Film : Agnes Varda puts life on film
One of three films showing next week
Legendary New Wave director Agnes Varda uses film to reminisce about her life in "The Beaches of Agnes," which the Martha's Vineyard Film Society will present on Tuesday, July 28, at the Tabernacle in Oak Bluffs.
One of France's best-known and most celebrated woman directors, Ms. Varda uses her restless and ever-inventive imagination to create a tour de force of cinematic technique and imagery in the documentary.
Not unexpectedly, the film begins at the beach, with the filmmaker explaining, "If we open me, we'll find beaches," as she and her assistants prop mirrors against a backdrop of surf that sometimes washes over them.
Rather than a conventional retelling of one's life, "The Beaches of Agnes" proceeds as a meditation on memory. Ms. Varda employs cinematic technique -- insets, cartoons, double exposures -- as a way to evoke and renew the past through reinvention.
She explains that imagining oneself as a child is like running backwards, and she often appears in the film walking backward. Visits to locales from her past become visual jumping-off points.
Born in Brussels, Belgium, she films the casino where her father, a Greek immigrant, loved to play roulette. During the war, Ms. Varda lived in France on a boat with her mother and siblings, so she puts herself in a rowboat and films French schoolgirls in Vichy-style pinafores. Remembering the summer she spent at the beach with three daughters from another family, she pitches a tent like the one they stayed in. One shot of the diminutive director in the tent envisions her like an odalisque, reclining on pillows.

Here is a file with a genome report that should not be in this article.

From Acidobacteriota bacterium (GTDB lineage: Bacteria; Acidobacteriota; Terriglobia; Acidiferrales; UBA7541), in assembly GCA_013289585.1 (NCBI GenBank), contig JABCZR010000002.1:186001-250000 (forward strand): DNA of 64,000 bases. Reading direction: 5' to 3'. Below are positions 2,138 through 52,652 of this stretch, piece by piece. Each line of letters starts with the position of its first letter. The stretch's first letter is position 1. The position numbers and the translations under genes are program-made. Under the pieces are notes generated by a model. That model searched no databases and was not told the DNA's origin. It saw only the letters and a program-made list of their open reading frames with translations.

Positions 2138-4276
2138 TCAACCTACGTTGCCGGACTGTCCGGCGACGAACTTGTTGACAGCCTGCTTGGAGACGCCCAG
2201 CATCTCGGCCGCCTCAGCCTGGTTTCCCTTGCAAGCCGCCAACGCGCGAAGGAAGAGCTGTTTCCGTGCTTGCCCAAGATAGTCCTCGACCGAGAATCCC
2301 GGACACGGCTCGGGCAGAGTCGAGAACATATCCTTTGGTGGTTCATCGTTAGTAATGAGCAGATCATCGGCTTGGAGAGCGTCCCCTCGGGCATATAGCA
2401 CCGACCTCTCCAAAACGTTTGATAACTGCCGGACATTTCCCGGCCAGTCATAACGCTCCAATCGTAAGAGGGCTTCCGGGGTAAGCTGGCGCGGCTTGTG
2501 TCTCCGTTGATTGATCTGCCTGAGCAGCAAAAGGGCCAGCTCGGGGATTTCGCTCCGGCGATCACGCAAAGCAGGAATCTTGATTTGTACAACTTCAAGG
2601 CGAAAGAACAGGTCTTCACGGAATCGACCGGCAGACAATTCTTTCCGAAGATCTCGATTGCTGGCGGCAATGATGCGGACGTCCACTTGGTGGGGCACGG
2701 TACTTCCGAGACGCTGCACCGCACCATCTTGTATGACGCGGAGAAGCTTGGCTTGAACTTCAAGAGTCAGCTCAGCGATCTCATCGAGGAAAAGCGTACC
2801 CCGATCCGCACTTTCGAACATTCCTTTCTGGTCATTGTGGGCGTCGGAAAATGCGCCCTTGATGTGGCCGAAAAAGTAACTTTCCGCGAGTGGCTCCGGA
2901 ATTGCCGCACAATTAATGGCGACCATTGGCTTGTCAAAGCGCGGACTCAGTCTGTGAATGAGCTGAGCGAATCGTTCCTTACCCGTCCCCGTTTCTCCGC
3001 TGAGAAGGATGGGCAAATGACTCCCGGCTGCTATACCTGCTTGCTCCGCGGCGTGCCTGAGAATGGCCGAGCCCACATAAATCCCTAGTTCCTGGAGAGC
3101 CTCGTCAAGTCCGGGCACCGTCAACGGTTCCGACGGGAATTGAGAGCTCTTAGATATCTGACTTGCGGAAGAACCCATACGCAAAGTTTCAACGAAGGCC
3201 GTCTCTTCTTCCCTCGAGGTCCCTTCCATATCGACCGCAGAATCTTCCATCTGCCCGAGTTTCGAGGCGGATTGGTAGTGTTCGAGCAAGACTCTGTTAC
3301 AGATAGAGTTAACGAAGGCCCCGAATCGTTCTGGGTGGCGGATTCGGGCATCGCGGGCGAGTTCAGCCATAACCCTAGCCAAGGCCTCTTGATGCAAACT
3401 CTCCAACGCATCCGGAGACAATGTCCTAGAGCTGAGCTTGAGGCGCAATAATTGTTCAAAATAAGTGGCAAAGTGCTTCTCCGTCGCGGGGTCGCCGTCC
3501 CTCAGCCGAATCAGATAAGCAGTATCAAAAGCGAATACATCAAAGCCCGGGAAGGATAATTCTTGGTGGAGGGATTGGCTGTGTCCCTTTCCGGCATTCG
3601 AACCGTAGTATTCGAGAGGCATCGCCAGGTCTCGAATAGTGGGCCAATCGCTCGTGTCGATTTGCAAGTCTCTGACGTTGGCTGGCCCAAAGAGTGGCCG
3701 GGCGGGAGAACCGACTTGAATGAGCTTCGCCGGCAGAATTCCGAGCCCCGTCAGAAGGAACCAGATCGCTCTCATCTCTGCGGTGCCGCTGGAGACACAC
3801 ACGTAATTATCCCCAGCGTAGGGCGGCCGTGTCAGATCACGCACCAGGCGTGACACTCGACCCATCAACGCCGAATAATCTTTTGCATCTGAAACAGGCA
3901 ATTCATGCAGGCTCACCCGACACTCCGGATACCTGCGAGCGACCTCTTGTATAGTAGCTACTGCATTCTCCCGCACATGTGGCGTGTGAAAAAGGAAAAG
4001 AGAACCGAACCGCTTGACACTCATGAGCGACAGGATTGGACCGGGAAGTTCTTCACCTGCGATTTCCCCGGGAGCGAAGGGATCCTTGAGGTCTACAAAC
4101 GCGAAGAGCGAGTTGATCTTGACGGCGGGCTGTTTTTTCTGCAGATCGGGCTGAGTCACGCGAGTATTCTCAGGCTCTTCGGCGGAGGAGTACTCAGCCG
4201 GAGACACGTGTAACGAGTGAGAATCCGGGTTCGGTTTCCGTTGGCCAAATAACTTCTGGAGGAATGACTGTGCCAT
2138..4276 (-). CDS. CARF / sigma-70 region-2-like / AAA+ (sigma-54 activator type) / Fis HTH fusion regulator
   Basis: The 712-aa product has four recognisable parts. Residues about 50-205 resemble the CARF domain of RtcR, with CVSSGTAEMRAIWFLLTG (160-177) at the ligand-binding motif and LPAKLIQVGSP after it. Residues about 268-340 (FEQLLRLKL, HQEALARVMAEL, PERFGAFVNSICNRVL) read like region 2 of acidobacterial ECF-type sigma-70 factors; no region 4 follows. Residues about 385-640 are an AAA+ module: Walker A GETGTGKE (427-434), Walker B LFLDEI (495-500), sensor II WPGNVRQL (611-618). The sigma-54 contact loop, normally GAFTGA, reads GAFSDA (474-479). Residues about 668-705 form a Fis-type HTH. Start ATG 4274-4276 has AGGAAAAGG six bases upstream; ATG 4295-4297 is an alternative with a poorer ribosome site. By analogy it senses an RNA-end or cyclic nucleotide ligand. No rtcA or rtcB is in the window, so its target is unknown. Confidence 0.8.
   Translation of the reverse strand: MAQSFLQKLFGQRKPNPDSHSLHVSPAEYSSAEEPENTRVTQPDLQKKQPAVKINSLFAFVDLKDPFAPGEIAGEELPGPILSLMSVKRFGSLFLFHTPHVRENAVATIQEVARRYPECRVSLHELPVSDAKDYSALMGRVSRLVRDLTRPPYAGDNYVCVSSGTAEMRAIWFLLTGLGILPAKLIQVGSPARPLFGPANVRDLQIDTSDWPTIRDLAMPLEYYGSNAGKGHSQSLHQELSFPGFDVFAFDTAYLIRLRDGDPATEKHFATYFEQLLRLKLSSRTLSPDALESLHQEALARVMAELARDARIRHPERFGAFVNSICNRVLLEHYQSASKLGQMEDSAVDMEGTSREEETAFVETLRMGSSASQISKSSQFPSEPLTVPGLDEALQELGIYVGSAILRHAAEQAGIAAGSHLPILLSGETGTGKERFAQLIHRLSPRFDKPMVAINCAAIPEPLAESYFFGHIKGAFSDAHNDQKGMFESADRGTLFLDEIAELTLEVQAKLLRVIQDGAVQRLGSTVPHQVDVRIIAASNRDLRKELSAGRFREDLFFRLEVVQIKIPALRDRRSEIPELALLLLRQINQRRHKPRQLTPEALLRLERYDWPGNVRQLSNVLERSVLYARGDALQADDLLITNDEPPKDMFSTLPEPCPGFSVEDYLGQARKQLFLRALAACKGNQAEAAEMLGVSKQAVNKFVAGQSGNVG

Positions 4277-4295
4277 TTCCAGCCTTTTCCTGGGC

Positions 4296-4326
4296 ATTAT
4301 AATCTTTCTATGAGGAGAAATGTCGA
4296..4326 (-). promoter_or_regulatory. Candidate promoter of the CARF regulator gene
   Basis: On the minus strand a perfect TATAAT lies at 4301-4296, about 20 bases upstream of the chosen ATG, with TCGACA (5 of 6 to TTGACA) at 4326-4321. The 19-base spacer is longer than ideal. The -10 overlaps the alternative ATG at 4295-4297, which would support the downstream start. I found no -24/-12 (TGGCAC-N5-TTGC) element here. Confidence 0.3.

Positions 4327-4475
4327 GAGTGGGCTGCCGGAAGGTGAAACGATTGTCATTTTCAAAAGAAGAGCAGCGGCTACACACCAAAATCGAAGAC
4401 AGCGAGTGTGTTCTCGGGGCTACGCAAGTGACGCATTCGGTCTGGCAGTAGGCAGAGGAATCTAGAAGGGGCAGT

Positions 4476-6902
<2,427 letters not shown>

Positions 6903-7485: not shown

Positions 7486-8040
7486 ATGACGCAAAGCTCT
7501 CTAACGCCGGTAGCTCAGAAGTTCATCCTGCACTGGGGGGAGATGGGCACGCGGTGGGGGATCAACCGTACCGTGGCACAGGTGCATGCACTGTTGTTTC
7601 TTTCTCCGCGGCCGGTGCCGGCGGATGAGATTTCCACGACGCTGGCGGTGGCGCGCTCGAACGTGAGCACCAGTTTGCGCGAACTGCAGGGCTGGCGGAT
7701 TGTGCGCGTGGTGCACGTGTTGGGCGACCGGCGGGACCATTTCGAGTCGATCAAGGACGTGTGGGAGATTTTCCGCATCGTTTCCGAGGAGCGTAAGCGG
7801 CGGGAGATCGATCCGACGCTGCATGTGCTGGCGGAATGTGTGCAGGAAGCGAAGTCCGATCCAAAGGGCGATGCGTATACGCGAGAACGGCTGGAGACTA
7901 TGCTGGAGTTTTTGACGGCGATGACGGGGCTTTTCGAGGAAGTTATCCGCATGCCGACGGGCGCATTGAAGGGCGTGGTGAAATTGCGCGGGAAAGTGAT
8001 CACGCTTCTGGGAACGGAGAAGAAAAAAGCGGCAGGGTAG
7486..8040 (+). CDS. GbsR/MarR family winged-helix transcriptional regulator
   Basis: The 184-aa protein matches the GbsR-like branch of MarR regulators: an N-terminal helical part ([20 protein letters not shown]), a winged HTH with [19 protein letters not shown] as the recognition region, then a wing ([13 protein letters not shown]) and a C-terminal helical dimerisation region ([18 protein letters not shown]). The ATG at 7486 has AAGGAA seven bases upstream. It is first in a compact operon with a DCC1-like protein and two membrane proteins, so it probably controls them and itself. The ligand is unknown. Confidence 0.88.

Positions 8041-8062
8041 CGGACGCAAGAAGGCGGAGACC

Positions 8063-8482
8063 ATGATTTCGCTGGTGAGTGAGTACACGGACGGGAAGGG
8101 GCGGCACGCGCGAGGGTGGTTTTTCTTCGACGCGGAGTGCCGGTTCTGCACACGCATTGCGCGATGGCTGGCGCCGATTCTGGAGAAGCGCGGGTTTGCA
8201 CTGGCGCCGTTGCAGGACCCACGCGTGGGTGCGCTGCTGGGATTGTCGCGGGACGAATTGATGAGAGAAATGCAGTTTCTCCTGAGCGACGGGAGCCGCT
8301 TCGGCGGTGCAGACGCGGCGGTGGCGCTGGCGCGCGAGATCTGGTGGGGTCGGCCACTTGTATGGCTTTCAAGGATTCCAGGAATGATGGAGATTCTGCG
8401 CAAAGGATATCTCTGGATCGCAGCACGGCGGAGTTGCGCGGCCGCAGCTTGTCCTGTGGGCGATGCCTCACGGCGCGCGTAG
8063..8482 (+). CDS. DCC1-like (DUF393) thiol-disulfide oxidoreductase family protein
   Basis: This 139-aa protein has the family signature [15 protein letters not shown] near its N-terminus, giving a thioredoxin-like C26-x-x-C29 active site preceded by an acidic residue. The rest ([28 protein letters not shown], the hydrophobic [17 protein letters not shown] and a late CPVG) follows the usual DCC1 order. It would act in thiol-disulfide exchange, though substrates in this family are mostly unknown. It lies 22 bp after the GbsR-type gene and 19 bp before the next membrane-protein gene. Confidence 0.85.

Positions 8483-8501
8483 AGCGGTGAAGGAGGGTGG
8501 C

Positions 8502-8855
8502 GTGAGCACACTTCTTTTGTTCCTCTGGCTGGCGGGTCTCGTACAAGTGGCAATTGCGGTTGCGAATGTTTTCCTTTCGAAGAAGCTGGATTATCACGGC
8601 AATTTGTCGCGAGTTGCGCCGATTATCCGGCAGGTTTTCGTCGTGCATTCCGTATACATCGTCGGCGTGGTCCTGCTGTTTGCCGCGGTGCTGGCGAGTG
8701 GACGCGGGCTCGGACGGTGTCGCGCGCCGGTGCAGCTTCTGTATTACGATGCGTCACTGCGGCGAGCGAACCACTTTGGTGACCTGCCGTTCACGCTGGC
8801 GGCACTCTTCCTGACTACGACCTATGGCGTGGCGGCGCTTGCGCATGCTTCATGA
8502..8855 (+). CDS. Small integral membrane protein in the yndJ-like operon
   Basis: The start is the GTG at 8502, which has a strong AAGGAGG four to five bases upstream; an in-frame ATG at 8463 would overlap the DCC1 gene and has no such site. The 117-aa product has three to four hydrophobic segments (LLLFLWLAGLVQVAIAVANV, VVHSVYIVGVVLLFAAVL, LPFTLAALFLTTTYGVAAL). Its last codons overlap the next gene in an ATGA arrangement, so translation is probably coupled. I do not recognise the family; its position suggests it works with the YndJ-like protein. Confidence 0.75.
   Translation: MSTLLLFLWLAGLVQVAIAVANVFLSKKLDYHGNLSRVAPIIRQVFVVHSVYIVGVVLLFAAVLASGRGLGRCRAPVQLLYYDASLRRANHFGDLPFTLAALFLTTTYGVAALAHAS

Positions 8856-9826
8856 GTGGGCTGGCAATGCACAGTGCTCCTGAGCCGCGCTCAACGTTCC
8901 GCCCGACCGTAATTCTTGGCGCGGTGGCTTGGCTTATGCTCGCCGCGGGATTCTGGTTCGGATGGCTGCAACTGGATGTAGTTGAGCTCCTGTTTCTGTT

Many of Ms. Varda's cinematic memories include her late husband Jacques Demy, the French filmmaker best known for "The Umbrellas of Cherbourg," her daughter Rosalie and their son Matthieu. Jacques Demy died of AIDs in 1990, and Ms. Varda paid tribute to him that year in "Jacquot de Nantes," a film about his childhood in that city.
"The Beaches of Agnes" ends with a surprise party for the director's 80th birthday, but Ms. Varda is far from finished. With one remarkable shot after another, she demonstrates in this film how far she is from the end of her creative life.
Also this week
A quick note on two other worthy films: Jaymie Sacks, managing director of the Boston Jewish Film Festival, will introduce "Max Minsky and Me" at the Martha's Vineyard Hebrew Center on Sunday, July 26. Based on an award-winning German novel, the comedy tells the story of a 13-year-old Berlin girl, Nelly, who has a crush on Luxembourg's Prince Edouard. She decides her best chance at meeting him is to join her school's basketball team and enlists the help of another player, Max Minsky. Nelly's bat mitzvah takes a back seat in this warm-hearted tale about a girl's rite of passage.